About The Music

Dip into our programme notes for pieces presented by Music in the Round. Covering music that is forthcoming and has been recently performed, learn more about the works and also listen to brief extracts. 

About The Music: W

WALLEN Errollyn, The Negro Speaks of Rivers

“The Negro Speaks of Rivers” sets the text of Langston Hughes. The poem was first published in June of 1921 in Crisis, the magazine of the National Association for the Advancement of Colored People, or NAACP.

Read more at SongofAmerica.net

WATKINS Huw, ‘Resurrection of the Soldiers’ from Four Spencer Pieces

This sequence for solo piano actually comprises six pieces, since the four titled movements inspired by paintings of Sir Stanley Spencer are enclosed between a Prelude and Postlude in which serenely descending harmonies settle on repeated notes, tolling like a distant bell. And repeated notes prove a recurrent feature of the Spencer Pieces proper.
The distant, tolling bell of the Prelude returns at the still opening of the longest movement ‘The Resurrection of Soldiers’, with convergent high and low sonorities suggesting a passing echo of ‘Le gibet’ from Ravel’s Gaspard de la nuit. In due course the music passes over into a convolved fugue, but so subtly that it is difficult tell exactly where the transition occurs – or where it passes back again into the preludial music.
Not least striking about the Four Spencer Pieces, is how Watkins, even at his most aggressively chromatic, contrives to keep his textures clean of the dispiriting greyness of so much ‘advanced’ piano writing. The Maidenhead Music Society commissioned the work in 2001 and Watkins gave the premiere in the parish church at Cookham, the Thames-side village Spencer lived in for so long and transfigured in his paintings.
© Bayan Northcott, 2012

WEIR Judith, Airs from Another Planet

I once read of an idea to establish a human colony on Mars which was at once visionary and practical. In order to acclimatise themselves, potential settlers would at first live together, sealed off from the human race on a remote Scottish island.

This is the music of the Scottish colonisers, several generations later, marooned on a lonely and distant planet; the ancient forms of their national music almost completely lost in translation, with only the smallest vestiges of the national style remaining.

Three traditional melodies are quoted, but as if refracted through space time, far distances and strange atmospheric effects. These are ‘The Leys of Luncarty’ (heard on the horn in the opening Strathspey); ‘Ettrick Banks’ (played on the clarinet in the Traditional Air) and ‘Miss Margaret Graham of Gartmore’s Favourite’ (played by everyone in the Jig).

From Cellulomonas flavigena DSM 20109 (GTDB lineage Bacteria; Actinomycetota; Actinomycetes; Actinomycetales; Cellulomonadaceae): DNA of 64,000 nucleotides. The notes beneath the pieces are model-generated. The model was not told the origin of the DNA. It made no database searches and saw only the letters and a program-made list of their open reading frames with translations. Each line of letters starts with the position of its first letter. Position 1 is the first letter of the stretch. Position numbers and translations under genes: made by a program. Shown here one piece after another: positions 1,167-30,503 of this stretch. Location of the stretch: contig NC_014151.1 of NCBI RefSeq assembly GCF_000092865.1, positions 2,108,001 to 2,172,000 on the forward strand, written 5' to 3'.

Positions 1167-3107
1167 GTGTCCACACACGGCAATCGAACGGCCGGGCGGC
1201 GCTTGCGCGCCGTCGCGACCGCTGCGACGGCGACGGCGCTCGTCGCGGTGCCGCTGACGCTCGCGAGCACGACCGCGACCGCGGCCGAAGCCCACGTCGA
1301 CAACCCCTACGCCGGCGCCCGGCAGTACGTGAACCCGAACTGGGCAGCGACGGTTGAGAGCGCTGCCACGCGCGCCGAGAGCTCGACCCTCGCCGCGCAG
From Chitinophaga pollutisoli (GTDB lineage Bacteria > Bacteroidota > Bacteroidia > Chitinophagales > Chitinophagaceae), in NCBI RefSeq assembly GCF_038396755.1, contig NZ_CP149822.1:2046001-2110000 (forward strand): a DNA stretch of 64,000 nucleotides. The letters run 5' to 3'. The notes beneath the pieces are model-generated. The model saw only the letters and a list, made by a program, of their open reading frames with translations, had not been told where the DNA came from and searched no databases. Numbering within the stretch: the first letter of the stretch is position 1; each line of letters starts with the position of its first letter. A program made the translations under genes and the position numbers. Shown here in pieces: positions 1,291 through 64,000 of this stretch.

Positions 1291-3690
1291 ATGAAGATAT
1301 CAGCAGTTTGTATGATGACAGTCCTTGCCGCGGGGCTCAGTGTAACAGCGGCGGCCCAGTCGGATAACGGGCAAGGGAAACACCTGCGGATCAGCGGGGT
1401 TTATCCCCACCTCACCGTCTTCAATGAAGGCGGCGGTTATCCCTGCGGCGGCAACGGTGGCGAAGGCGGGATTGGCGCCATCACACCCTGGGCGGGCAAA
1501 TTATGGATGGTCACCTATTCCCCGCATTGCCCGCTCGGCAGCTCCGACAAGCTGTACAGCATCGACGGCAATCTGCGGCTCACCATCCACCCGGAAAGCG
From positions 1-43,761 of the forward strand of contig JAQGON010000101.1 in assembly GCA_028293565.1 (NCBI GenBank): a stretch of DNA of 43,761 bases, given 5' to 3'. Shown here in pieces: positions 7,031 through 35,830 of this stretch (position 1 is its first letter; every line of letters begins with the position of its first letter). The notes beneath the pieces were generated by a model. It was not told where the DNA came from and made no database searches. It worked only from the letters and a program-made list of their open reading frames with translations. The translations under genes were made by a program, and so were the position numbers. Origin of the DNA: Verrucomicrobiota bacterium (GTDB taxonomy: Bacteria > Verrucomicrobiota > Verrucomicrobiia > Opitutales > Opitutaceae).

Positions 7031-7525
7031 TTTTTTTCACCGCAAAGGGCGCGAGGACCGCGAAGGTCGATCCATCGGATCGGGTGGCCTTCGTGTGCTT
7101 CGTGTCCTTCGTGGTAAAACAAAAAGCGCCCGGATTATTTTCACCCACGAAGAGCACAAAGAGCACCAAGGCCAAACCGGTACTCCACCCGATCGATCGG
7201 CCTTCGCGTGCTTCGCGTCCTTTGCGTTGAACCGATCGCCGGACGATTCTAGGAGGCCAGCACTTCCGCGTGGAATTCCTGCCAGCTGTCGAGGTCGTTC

© Judith Weir

WEIR String Quartet (extract for family concert)

This string quartet was written by a composer who is making music today, the wonderful Judith Weir. A piece full of mysteries, inspired by a medieval Spanish tune. This quartet sounds like a strange landscape where it’s easy to get lost among these lopsided rhythms where nothing is quite as it seems…

WOLFE Julia, LAD for 9 bagpipes (arr. for electric guitar by Sean Shibe)

Julia Wolfe studied at Yale School of Music where she became associated with fellow composers Michael Gordon and David Lang, and in 1987 they formed the Bang on a Can collective. The trio soon attracted considerable attention for their Bang of a Can Marathon festivals of new music in Lower Manhattan, with single performances lasting almost a full day, where the audience was instructed to dress and act informally and to come and go as they pleased. Wolfe’s music is rooted in the American minimalist style of composers such as Steve Reich and Philip Glass, but laced with the aggressive drive and energy of rock music.

LAD, for 9 bagpipes, was composed for the 2007 Bang on a Can Festival and first performed by a bagpipe ensemble led by Matthew Welch. It was Welch who introduced Wolfe to a variety of techniques on the bagpipes, most notably the long crying glissandi which Wolfe describes as “a crazy siren-like sound”, and “animal sounds” that recall a heavily distorted electric guitar.

Welch later performed a version for eight pre-recorded bagpipes with himself playing the ninth part live, an arrangement recalling the series of Counterpoint works by Steve Reich. In 2018, Scottish guitarist Sean Shibe adapted LAD for live electric guitar accompanied by a backing track. In Shibe’s  words “there’s something really destructive and terrible about it [LAD], but it also has a redemptive element too.”

© Tom McKinney 2022

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